The concept of JIT became quite famous in the context of production management a few decades back. Before that, ‘earlier the better’ was the norm. With regard to money, ‘more the better’ is the norm today. Let us explore the concept of Just As Much (JAM).  Why? For the same reasons that JIT was popular! If I continue to spend time and effort to earn money, which I won’t need, is it not a waste of time and effort?

Is it a difficult calculation? Does it require one to be a financial wizard to calculate? All that is needed is basic arithmetic. In fact, an excel sheet can obviate the need for that too. However, it can only be done by people who no longer aspire for a more expensive lifestyle. I use the word expensive and not better. Here we will confine ourselves to the domain of money.
Let us understand how. If I have ₹ 1 Cr and I am 40 years old, is that sufficient if I live till 90? More information required? My monthly expenses are ₹ 75k p.m. and I don’t aspire for a more expensive lifestyle. It should be quite easy to calculate. We need to check for inflation, returns on investment and plug in the figures in a sheet.

Calculations suggest that if my investments are able to generate a 12% pa return and the inflation is 10% pa, I will be able to manage till 2028 i.e. till the age of 52. I’ve also factored in a 2% pa increase in expenses due to lifecycle – kids growing up, medicines, etc. A ₹ 2 Cr networth can carry me on till 2050 (age 74 years). In calculation of networth, there is no need to exclude anything – not even the house you’re living in.

Now, that should sound encouraging to a lot of my friends. How will it get operational is the next question. But that’s a much easier one. This first level needs much deeper understanding and acceptance.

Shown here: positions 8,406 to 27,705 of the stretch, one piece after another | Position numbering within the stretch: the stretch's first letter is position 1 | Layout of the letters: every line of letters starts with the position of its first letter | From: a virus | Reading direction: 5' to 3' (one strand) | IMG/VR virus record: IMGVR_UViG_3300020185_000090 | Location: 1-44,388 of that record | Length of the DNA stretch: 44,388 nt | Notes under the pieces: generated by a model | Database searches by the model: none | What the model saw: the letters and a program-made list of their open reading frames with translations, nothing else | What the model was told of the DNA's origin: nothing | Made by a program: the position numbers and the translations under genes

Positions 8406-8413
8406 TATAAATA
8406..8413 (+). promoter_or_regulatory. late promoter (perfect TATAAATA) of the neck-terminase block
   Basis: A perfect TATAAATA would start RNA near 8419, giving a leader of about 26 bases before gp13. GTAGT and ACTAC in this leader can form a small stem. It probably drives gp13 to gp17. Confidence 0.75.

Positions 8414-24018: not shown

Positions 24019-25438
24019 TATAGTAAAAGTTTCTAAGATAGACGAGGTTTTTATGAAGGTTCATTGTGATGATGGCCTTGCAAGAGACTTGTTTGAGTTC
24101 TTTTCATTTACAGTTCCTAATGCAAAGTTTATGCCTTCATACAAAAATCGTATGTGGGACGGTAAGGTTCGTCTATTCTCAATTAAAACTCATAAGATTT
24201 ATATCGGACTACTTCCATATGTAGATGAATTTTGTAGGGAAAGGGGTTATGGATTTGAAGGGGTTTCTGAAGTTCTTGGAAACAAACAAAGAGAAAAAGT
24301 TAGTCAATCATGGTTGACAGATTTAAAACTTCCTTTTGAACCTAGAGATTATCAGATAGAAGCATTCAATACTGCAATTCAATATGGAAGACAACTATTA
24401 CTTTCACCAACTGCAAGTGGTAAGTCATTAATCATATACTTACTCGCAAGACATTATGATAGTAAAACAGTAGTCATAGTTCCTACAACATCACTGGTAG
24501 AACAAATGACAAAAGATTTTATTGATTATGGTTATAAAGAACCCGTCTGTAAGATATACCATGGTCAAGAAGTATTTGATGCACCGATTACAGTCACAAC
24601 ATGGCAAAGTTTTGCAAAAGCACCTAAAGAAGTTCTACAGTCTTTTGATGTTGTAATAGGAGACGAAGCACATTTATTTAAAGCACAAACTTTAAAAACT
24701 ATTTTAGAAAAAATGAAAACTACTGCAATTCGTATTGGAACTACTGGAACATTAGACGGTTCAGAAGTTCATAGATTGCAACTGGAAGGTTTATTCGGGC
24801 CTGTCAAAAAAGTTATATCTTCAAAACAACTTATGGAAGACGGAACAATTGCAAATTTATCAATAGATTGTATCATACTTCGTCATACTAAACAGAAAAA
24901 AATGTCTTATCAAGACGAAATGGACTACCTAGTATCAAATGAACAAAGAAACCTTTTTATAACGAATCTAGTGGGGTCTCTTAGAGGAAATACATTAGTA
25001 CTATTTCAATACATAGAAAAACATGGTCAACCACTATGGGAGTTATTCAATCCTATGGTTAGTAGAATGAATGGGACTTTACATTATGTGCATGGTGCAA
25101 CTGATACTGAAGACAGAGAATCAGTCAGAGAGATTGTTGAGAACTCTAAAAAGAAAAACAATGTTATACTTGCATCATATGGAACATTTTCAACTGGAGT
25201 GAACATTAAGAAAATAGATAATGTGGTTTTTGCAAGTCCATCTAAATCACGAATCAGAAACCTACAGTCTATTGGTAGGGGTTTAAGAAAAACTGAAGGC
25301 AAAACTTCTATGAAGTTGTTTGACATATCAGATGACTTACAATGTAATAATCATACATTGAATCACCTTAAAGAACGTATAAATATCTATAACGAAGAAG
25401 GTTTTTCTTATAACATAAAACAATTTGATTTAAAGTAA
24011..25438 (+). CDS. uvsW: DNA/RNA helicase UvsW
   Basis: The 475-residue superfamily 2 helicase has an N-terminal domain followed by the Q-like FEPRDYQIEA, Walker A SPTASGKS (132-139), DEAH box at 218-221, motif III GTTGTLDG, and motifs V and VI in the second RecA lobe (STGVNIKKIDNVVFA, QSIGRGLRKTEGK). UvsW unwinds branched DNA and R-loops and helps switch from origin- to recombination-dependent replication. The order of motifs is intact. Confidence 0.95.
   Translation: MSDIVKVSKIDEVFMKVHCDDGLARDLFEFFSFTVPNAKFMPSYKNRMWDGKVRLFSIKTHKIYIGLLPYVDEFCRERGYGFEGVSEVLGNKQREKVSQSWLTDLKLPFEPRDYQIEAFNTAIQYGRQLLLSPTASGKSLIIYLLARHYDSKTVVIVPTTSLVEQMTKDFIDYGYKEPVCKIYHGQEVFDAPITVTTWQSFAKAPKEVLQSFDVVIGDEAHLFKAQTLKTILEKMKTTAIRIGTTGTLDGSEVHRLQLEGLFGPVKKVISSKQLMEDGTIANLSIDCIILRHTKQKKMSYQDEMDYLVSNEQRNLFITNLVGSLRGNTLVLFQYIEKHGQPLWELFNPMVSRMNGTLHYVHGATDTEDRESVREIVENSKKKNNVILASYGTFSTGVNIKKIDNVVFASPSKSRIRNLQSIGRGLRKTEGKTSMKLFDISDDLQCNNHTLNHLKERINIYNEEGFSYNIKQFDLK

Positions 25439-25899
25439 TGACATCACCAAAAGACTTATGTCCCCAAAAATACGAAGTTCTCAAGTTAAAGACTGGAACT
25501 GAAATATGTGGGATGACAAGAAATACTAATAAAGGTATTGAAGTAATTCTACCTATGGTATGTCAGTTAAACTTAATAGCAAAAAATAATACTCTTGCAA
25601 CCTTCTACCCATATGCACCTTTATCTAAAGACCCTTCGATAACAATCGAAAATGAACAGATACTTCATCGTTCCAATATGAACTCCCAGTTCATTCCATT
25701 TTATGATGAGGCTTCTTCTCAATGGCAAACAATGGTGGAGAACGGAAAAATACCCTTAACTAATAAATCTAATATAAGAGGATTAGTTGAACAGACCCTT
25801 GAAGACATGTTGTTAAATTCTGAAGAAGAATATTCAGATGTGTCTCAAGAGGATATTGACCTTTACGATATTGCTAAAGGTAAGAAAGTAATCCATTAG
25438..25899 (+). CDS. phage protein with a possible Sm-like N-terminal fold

Is there a catch? Yes, there is if you’d like to call it so. Financial planners across the world make you believe that you got to slog it out till you retire, so that you’re able to survive post retirement. They plan to build a corpus or capital so huge that its earnings are able to meet your expenses till you die. The assumption is that the capital cannot be spent. I think this thinking became obsolete a couple of decades back. Look around – so many people who retired 10 - 15 years back have built sizable capital (networth), be it in real estate, equity, debt or gold. They’re all set to pass it on to their children as inheritance. But it is hardly required! The children are well off by their own selves. There is no reason to believe that I will have to leave any inheritance for my children. Correction: There is no reason to believe that I will have to leave any financial inheritance for my children. If this does not provide comfort to the reader that using up capital is okay, the discussion can end for him/her.

Let’s get back to the calculation. A ₹ 75k p.m. lifestyle in a city like Mumbai is not a lavish one, but neither is it very modest. We’re not considering investments here - 75k of expenses. So, if one is paying an EMI of say 40k, we consider only the rental value, which may be around 20-25k, or less.

The next calculation can be done for how expenses can be reduced, without impacting the quality of life adversely at all. How does that impact the sufficiency of capital? A 10k drop in expenses gives me a 5 year increase – takes me to 79.

I’ve moved out of Mumbai to live on a farm. Our monthly expenses for a family of 4 average out to less than 20k per month. Factor in the lumpsum expenses of travel, capital expenses and the figure will average 35k per month. Our standard of living has definitely gone up. Our expenses should come down, because we’ll grow more food in future; currently we buy everything.

Sounds interesting? Let me know.

Friday, 7 October 2016

The (Ir)Relevance of Intellectualism

Is all the intellectualism around governance methods, economic models, morality, social justice and education worth any effort? 

Can't we notice that constitutions, laws and codes have never managed to reign the corruption within?

We may want to believe that gift culture or bitcoin will avert collapse of the economy, that permaculture will reverse the destruction of agriculture, that alternate education will change human behaviour. But inside of the inside, we know the none of this will happen. We know that it is fear, which is making us believe!

Dear Intellectual,
Intellect is a tool of the divine, not a servant of your ego. Be mindful of the urge to misuse it.

Writing codes of civilisation is futile. When people have been cleansed from within, it will get reflected in their behaviour and intent. Stop wiping the mirror; the spot is on the face! Let's get that straight.

Can your intellect be useful in cleansing the inner selves? Cleanliness is, indeed, Godliness!